Shaping Up to be a Foul Finals

"Gary Payton, you're so great. How come you're so great?" And other questions posed by NBA writers.

Forget Game 4, the blowout you still can't erase from the memory banks, and we're just a few ticks of the clock away from the title that shoulda-woulda-coulda been the Dallas Mavericks'. Now we're one game away from penning the obituary of a Finals that was Dallas' till Dwyane Wade decided to play like a Hall of Fame superstar and Dirk Nowitzki opted to play like a Continental Basketball Association journeyman. Of course, on the positive side we're getting close to the end of having to get up early every a.m. to pore over the bad news and nyah-nyah-nyahs being imported fresh daily from the likes of The Miami Herald, which today makes the Heat out to be conquering comeback heroes and the Mavs and their owner look like rabid, bitter losers blaming the refs for a loss that should have been a Dallas win. (Also on the positive side, with the Finals almost final I can now fully devote my attention to The World Series of Pop Culture, which is set to pop July 10 on VH1...and how did I miss the March auditions in Dallas, anyway? Now we're talking; I can't drive it to the hoop, kinda like the Mavs in the second half, but I do know what "corbomite" is. High five. No?)

Jeez, do you smell the stalling? So let's get down to it--but where to begin, with Dwyane Wade's career-high 43 or the free throws that might have cost the Mavs a season or the resurrection of Gary Payton or Dallas' second half that was less offense and more offensive than the first? Doesn't look good for the home team...and the home team doesn't look good, as many of the morning stories focus on Dallas Mavs owner Mark Cuban's unhappiness with the refs. Think the stripes are out to get the guy and his team? Then this Associated Press story this morning will add fuel to your fire; in short, it wasn't the timeout that killed Dallas late, but the fact the refs didn't call the blatant foul Dwyane Wade committed on Jason Terry as he drove to the basket on the way to those damned free throws. Says your owner:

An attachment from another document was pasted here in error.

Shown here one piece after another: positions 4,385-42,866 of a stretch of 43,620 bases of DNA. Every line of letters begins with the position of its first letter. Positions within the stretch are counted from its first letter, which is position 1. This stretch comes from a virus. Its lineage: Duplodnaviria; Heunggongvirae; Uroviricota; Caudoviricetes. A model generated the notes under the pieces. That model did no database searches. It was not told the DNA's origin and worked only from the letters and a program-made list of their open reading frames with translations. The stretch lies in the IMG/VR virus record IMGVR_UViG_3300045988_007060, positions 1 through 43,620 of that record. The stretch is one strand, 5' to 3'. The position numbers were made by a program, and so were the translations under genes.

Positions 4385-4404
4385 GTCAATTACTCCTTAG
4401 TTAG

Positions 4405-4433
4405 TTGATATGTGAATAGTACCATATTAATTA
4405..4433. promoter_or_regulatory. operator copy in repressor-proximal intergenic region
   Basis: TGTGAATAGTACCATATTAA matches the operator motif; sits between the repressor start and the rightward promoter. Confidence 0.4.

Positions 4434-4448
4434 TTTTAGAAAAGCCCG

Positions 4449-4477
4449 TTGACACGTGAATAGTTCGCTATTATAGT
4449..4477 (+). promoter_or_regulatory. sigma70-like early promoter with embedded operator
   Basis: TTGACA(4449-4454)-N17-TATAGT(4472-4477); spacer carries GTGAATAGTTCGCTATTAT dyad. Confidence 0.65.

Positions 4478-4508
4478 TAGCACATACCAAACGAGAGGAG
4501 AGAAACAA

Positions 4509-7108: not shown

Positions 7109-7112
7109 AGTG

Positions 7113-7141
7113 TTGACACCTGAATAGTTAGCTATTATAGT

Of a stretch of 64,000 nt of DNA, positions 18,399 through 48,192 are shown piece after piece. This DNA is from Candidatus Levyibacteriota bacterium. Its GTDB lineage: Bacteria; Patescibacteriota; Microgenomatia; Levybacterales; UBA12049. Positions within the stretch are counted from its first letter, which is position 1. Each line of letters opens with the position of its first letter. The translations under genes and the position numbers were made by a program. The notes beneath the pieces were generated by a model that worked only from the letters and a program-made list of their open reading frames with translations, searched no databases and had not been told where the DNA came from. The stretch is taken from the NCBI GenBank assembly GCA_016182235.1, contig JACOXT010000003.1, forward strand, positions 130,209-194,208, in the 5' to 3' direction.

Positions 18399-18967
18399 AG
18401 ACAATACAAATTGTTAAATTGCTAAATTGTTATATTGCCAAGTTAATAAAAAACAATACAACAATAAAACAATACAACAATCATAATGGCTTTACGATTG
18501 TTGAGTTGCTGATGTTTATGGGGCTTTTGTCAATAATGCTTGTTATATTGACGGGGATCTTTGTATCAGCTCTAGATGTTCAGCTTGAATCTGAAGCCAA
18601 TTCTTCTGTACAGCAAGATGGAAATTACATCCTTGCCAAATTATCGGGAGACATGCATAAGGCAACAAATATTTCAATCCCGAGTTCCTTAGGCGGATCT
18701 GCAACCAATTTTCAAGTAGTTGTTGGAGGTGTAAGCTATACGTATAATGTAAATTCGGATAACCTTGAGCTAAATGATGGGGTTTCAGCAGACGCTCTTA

"'I care less about the timeout. The error in my mind occurred before then.' Asked if it was the collision that Terry jumped up from screaming about being shoved, Cuban said: 'You mean when he pushed him? I don't know. I guess that's not a call. I guess that's not a foul.'"

No posts to BlogMaverick this morning; not yet, anyway. (UPDATE: At 2:22 this afternoon, Cubes posted a lengthy item about his use of the word "fucking" when responding to a reporter's question.) (The Stackhouse jersey last night was a nice touch, though it did give Mark the look of a guy wearing an apron.) Of course, it was a hell of a way for Nowitzki to celebrate his 28th birthday, says Marc Stein on ESPN's Web site: You make the clutch jumper to stay alive, only to get prounouced dead a few seconds later when the guy on the other side of the floor proves himself just a little better, which is to say a legend only to happy to blow out your candles for you. But Wade's performance--and Alonzo Mourning's return after a kidney transplant, heralded this morning with a nice piece in The Boston Globe--was kinda overshadowed by that Josh Howard timeout embroglio, which will rank up there with the time Derek Harper dribbled out the clock against the Los Angeles Lakers. (Mavs-wrecks! Mav-wrecks! Mav-wrecks!) That timeout is the subject of this story from The Washington Post, which says that everything good Avery Johnson did for his team after that Game 4 shaming--moving the team to Ft. Lauderdale, getting 'em over the Stack suspension, firing 'em up in the first half--was wasted in the final ticks of Game 5, when the team got the ball back not at half court but under its own basket with no time left. Writes Amy Shipley:

"Johnson later hinted that the blame should lie with the referees, for not understanding that the timeout was desired for after a second successful free throw. 'The signal was for the timeout to come after the second free throw,' Johnson said. 'We've been in this situation a million times, and it was assumed that we wanted it at that time.'"

Avery, Avery, Avery. Don't you know what happens when you assume something? You don't need to read The Los Angeles Times this morning to know Dallas is ready to get the hell out of Miami; hell, I feel that way there after a long weekend with the in-laws, much less a three-game ass-whippin' that turns the faves into underdogs and vice-freakin'-versa. I just hope before they go, the team woke up at the team motor hotel this morning to find The Miami Herald outside its hotel-room door, so they could read this lead from the paper's game story:

"Dwyane Wade and the Heat would call it a classic, a pivotal game filled with incredible performances and clutch basket after clutch basket resulting in a series-altering win.

Mark Cuban and the Mavericks would call it a classic failure, crucial moments in a mammoth game marred by mental mistakes and questionable whistles resulting in the most painful of defeats."

Two down, two to go. Still. On the plus side, I am getting in a lot more heavy drinking, which is nice. --Robert Wilonsky

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Robert Wilonsky
Contact: Robert Wilonsky

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